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Impressions of Work Up 2.2

Impressions of Work Up 2.2
Nicole Loeffler-Gladstone

By Nicole Loeffler-Gladstone
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Published on April 21, 2016
Photo: Scott Shaw

Kimberleigh Costanzo, Lily Bo Shapiro and Miřenka Čechová

Impressions of Work Up 2.2

Gibney Dance: Agnes Varis Performing Arts Center

April 8, 2016

Choreography by Kimberleigh Costanzo, Lily Bo Shapiro, Miřenka Čechová

Photo: Martin Goga & Denisa Musilova in Vivisecti.

In the second installment of Gibney Dance's Work Up series, choreographers Kimberleigh Costanzo, Lily Bo Shapiro and Miřenka Čechová create three wildly different works related to the body, physical sensuality, sex and desire.

Kimberleigh Costanzo's All the Different Kinds of Sweat employs a simple movement vocabulary of side-to-side steps, walking and running patterns, and quick arm movements to communicate the emotional disassociation stemming from sexual assault. As she slowly moves across the stage, reading fragments of diary entries printed on crumpled paper, her body language swerves between uncertainty and confidence. Her arm flicks so that her elbow points up and her hand rests behind her shoulder. She's shielding herself, or, perhaps, posing for the audience.

The stark overhead lighting, combined with Costanzo's choice to withhold eye contact until later in the piece, reinforces her exposure and vulnerability. Eventually the side lighting grows brighter, casting a double shadow against the back wall. Suddenly, there are three Costanzos — her image, if not herself, multiplies. Rather than offering familiarity, it conjures shadow lives, alternate endings and invisible layers of trauma, which must be accessed before healing occurs.

Kimberleigh holds a piece over her face covering one side. One leg hovers in the air as she balances on the other under a spotlight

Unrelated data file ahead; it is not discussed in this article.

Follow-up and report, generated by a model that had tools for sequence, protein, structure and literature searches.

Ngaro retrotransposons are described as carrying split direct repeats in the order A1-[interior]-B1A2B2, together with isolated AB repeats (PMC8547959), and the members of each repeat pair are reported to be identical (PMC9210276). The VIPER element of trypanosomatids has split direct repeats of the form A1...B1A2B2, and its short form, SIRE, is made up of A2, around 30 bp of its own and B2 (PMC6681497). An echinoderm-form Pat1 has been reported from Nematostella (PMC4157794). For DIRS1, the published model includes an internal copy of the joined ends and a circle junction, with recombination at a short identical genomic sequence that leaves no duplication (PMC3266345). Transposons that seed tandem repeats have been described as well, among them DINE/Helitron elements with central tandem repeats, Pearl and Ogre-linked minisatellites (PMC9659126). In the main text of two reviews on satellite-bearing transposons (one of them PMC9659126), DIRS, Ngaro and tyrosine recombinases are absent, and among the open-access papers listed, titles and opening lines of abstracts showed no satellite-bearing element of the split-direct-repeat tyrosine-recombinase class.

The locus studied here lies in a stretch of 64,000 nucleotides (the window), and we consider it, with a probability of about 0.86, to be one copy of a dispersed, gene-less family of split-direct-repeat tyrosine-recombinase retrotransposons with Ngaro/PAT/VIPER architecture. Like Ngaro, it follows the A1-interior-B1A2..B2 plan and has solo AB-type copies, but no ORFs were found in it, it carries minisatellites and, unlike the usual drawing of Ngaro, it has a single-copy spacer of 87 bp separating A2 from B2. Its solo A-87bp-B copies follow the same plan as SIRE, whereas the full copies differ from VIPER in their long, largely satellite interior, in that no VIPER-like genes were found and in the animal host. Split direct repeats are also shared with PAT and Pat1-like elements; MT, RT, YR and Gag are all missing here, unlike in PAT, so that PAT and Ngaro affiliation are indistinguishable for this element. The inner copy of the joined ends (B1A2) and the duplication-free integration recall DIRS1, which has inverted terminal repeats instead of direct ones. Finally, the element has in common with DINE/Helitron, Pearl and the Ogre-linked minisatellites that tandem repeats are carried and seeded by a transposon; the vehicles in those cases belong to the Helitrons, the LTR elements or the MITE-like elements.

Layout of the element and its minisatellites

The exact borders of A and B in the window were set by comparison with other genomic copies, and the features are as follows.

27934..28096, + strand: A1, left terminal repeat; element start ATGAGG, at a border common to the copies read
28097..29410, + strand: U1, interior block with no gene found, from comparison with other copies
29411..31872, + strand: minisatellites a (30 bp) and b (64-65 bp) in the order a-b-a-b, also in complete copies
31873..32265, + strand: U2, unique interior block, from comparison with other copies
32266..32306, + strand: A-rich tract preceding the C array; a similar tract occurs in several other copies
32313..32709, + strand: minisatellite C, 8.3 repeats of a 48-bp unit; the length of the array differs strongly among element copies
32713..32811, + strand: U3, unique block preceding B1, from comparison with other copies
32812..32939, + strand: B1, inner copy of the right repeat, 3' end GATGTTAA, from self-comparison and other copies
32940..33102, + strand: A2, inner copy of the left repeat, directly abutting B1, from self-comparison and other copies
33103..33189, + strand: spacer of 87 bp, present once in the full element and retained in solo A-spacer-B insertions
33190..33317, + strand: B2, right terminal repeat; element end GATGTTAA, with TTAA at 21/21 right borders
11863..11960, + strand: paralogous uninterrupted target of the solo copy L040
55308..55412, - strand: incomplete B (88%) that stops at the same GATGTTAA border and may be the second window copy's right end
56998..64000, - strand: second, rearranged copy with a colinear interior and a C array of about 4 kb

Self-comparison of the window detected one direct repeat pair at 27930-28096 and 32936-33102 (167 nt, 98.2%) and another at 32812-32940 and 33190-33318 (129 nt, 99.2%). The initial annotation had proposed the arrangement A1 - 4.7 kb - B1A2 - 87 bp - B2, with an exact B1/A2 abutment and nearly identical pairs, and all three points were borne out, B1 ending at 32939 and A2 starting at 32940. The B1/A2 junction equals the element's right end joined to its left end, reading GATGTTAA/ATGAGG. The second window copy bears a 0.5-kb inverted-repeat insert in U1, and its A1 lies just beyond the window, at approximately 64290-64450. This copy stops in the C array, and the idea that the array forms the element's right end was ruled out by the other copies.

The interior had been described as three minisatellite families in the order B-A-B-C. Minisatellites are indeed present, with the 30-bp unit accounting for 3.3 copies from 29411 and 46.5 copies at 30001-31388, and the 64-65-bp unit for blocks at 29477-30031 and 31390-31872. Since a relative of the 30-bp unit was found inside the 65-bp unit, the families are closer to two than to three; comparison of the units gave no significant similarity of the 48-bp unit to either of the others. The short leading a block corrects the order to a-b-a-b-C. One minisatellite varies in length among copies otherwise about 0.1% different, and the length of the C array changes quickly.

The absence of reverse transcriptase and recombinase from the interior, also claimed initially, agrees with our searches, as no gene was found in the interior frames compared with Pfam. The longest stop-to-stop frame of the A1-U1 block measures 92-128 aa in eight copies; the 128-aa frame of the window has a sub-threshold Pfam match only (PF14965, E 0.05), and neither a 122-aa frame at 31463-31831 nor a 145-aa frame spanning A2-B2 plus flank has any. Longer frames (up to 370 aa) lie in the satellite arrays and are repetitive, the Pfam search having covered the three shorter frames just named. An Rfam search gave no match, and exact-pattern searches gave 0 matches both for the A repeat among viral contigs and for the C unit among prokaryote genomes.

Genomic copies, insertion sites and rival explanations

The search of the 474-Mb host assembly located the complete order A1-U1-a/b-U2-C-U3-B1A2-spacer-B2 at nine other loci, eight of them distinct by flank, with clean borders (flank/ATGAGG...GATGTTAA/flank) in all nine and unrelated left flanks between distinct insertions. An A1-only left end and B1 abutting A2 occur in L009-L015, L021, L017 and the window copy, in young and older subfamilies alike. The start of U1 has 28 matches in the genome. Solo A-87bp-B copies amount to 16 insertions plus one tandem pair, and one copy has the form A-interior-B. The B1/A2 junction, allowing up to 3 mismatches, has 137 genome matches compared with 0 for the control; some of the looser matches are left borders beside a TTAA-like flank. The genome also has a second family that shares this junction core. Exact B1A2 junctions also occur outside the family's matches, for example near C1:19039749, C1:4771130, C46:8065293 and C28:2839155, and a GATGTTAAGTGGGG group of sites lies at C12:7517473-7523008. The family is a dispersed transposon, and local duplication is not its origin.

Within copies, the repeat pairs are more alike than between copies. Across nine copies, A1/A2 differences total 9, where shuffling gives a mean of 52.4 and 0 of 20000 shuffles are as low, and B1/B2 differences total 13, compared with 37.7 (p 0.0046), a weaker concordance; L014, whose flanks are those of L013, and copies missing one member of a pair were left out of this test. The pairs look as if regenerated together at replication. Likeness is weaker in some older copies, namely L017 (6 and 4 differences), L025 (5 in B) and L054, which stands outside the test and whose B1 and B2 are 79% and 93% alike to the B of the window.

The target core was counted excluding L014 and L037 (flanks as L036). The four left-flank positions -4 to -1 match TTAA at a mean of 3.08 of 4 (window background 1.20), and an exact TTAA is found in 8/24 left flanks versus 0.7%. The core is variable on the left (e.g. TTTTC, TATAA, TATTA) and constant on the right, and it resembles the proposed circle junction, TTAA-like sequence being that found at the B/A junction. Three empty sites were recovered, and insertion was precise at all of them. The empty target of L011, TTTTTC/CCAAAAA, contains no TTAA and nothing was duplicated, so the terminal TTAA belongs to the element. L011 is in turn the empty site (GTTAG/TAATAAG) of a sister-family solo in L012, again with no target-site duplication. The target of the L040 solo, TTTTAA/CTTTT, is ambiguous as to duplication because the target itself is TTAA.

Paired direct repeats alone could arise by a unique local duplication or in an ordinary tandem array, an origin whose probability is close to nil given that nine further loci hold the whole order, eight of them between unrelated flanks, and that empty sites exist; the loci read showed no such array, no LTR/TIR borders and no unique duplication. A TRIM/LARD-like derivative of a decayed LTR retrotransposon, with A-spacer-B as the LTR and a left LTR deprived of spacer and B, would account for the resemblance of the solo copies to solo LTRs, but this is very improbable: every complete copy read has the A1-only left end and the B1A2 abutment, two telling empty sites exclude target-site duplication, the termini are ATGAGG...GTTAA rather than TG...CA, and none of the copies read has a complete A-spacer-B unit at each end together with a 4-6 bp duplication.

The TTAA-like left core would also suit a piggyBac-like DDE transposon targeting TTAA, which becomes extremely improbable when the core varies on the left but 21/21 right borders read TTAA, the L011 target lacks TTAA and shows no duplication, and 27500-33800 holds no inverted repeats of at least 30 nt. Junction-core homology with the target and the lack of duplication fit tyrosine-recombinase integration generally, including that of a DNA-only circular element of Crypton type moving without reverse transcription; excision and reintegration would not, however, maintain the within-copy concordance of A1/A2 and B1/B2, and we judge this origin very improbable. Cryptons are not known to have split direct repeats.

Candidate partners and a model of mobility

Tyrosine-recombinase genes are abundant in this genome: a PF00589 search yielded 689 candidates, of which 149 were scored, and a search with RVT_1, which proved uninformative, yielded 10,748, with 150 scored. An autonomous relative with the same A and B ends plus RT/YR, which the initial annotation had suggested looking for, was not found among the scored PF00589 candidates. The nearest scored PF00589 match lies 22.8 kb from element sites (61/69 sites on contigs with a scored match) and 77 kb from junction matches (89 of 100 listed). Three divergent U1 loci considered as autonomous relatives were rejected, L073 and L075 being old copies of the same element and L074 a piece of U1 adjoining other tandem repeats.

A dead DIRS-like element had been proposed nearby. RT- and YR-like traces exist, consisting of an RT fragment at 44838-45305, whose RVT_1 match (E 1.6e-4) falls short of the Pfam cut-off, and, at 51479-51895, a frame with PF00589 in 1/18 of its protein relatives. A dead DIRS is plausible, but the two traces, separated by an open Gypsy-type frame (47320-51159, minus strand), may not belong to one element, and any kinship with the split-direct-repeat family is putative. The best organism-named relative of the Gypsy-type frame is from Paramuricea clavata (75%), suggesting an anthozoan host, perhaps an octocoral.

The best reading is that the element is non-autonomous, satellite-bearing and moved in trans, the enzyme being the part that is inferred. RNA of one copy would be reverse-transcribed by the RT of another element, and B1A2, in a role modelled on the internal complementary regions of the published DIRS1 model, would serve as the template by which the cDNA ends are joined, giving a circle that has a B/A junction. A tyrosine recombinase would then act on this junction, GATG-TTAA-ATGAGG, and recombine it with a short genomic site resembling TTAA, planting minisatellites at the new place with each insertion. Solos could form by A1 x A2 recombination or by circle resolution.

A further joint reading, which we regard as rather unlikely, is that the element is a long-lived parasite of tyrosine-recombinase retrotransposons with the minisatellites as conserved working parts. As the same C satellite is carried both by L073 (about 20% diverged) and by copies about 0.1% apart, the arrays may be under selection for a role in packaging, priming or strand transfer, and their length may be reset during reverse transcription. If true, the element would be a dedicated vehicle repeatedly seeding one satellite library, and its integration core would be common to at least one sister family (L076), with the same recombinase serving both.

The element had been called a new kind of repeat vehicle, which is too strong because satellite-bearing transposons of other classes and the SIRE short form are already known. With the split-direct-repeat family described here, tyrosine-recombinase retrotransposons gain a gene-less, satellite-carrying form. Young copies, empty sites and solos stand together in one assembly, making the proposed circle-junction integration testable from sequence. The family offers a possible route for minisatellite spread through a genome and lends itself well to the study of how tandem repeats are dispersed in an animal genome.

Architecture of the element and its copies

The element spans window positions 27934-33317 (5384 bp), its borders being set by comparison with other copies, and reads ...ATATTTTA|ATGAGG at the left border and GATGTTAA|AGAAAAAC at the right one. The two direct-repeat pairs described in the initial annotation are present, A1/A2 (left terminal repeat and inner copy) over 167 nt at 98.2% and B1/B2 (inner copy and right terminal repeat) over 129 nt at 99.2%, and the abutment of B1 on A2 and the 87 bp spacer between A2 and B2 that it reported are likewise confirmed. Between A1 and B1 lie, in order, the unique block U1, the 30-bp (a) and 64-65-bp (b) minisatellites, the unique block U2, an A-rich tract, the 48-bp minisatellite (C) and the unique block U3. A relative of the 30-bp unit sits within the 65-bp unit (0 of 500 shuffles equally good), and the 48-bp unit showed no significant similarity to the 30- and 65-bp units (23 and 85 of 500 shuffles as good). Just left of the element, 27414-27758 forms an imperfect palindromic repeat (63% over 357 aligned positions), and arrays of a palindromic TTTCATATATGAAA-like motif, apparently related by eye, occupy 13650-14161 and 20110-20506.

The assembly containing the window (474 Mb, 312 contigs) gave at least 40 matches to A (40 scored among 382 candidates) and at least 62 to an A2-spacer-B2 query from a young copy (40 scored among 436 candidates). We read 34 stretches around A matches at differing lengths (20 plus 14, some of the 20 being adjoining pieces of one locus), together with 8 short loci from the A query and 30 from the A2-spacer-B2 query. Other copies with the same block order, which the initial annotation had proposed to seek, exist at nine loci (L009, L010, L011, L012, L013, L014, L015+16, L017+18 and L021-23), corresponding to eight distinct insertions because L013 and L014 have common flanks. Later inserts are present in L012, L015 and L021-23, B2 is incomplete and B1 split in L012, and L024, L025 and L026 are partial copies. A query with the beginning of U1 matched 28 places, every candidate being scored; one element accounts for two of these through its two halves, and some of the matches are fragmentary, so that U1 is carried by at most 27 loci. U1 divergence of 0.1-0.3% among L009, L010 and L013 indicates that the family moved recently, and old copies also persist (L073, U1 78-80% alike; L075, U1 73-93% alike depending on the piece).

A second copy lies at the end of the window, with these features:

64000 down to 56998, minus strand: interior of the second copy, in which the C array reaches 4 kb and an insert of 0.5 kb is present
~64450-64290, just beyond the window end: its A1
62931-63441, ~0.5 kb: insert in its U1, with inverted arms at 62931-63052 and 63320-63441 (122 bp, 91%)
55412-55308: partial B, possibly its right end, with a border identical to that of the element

Kimberleigh Costanzo in All the Different Kinds of Sweat. Photo: Scott Shaw

Instead of resolving its multiplicities, this short, complete work ends on an almost unbearably tense note. Costanzo runs in place under a spotlight lifting to her face the papers — the diary entries — she'd read as confessionals only minutes before. I applaud her for her brave choice not to console the audience.

In a farther aspect,choreographer and performer Lily Bo Shapiro creates a bizarre mating ritual set within an unusually complex depth of field. She performs her work with the mirrored classroom wall revealed on stage left, allowing audience members to watch her, or her reflection, as they wish. She  increases the way her image can be consumed and the effect is cinematic, zooming in and out as she moves. Shapiro sits close to an audience member in the front row, then moves backward to plaster herself against the upstage wall. Sometimes she retreats “offstage,” or out of the room entirely. For Shapiro, traditional stage parameters are merely a suggestion. 

Lily Bo Shapiro jumps in the air with her feet and legs tucked underneath her. Her elbows make an almost ninety degree angle. Her back is towards the audience
Lily Bo Shapiro in a farther aspect. Photo: Scott Shaw

Though a farther aspect opens with an uncomfortably long static pose, Shapiro eventually introduces hand movements, scuttles, twitches and broad traveling steps. She slumps in a shoulder stand while her fingers continue a delicate gestural conversation of their own. Shapiro's focus and visual language render her movement exceptionally clear, even as her ultimate goal remains elusive. Her loose gold top and white, knit shorts are both hip and frumpy, offering glimpses of her skin through the fabric but obscuring her shape as she moves. Is she taunting, or merely shy? Shapiro, utterly unafraid to look awkward, has created something deeply honest. 

This work lingers in the mind thanks to its irreverence and vision, but also because Shapiro is one of only two contemporary choreographers that I've seen lately who uses neither vocalization nor music with lyrics in their work. a farther aspect is all the more powerful for defying trends.

Martin and Denisa wear white flowered plastic looking long skirts and jeweled tights. They look like they're in mid chew of eating something
Martin Goga & Denisa Musilova in Vivisecti. Photo: Scott Shaw

Miřenka Čechová's Vivisecti is a highly stylized examination of the sum of our parts. Two strange creatures, gorgeous bejeweled legs and white, inverted hoop skirts, sit on chairs. They're close but remain too far away to touch no matter how much they gyrate nor spread their legs. As the name of the piece implies, the costuming cuts apart and sections off these bodies, putting them on display and forcing them into blind conversation. 

The accompanying soundtrack, by Matous Hekela, gurgles and sighs, reminiscent of digestion. Addressing the creatures' hunger, sexual desire and isolation feels urgent. Eventually they stand and smooth down their skirts to reveal a hysterical surprise: Torsos adorned with plastic sandwich bags full of fruits and vegetables. Now, the creatures are just people — tremendously subtle performers Denisa Musilova and Martin Goga — holding the audience rapt under their gazes. As they munch on snacks from their respective bags, it's unclear whether they've been satiated — or if that's even possible.



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